A STORY problem: Mary weighs 120 pounds and is traveling with a 12-pound baby, a 30-pound diaper bag and two suitcases with a combined weight of 80 pounds. Dick weighs 155 and hauls a 10-pound duffel. Bob weighs 280 and is dragging a 40-pound wheel-aboard suitcase. How much does each passenger pay for a 1,440-mile flight from Chicago to Phoenix?
Trick question. Everyone knows it depends on how and when they booked their travel, where they’re seated on the plane, whether they’re entitled to check bags for free and all sorts of mysterious variables. But play along: Wouldn’t it make more sense to pay by the pound?
That’s how it works on Samoa Air, a tiny commuter carrier that serves the famously corpulent citizens of the Pacific Islands. On the world’s first pay-as-you-weigh airline, you (and your luggage) just step on the scale before you board and pay accordingly.
Samoa Air flies three- and nine-passenger prop planes. If you’ve flown on one of those, you’ve likely had the disarming experience of watching the pilot rearrange the passengers before takeoff to distribute the load evenly. Can’t have all the big people over one wing!
Major airlines don’t have that problem. But fuel is their biggest expense, and the heavier the load, the more fuel the plane uses.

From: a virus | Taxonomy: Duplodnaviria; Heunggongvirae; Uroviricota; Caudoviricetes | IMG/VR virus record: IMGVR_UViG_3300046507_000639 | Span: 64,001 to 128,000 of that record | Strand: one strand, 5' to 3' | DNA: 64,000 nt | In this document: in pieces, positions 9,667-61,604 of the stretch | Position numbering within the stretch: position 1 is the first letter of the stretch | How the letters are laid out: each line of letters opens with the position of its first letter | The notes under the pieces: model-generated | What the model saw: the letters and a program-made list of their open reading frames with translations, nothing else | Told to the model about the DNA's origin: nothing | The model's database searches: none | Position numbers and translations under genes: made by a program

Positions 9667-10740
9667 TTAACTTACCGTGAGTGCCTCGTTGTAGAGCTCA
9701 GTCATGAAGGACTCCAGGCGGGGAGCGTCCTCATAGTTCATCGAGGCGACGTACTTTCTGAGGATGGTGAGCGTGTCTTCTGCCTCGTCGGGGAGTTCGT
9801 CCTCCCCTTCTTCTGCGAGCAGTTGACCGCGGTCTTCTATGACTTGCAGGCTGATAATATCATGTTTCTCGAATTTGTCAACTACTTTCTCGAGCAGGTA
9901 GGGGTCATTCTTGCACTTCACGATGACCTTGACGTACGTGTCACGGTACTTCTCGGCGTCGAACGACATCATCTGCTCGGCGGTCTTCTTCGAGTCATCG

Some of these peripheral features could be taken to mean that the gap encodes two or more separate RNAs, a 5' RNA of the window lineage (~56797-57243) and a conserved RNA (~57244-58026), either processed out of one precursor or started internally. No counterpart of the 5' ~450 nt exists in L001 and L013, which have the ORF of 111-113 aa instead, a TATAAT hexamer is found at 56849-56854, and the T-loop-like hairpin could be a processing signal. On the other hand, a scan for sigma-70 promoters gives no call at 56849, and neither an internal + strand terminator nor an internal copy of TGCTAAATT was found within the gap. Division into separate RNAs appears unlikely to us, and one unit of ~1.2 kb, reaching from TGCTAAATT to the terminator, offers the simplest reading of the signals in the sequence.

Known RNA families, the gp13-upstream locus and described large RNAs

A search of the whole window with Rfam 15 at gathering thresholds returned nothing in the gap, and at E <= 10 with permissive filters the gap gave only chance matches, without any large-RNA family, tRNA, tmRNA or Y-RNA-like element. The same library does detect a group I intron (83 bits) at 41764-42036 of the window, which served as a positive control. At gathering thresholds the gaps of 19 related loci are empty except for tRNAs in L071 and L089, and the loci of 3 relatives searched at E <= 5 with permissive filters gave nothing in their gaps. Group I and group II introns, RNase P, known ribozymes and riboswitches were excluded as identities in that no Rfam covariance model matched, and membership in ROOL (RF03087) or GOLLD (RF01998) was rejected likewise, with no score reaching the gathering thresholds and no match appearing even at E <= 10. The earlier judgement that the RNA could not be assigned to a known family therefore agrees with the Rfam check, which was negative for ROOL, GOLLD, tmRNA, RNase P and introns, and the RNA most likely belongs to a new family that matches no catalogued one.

A Norwegian economist, writing in last month’s Journal of Revenue and Pricing Management, makes a good case that a weight-based model is both economically sound and fair. Cargo is priced by weight, after all. Why not people? The economist isn’t suggesting everyone would be weighed at check-in at O’Hare. Tickets could be sold for specific weight ranges, for example, or passengers could self-report their weight when they book their flight. T
Some airlines now require plus-size customers to buy a second seat — or risk being turned away at the gate if the flight is full.
Charging customers by weight might be awkward, but it’s not unreasonable.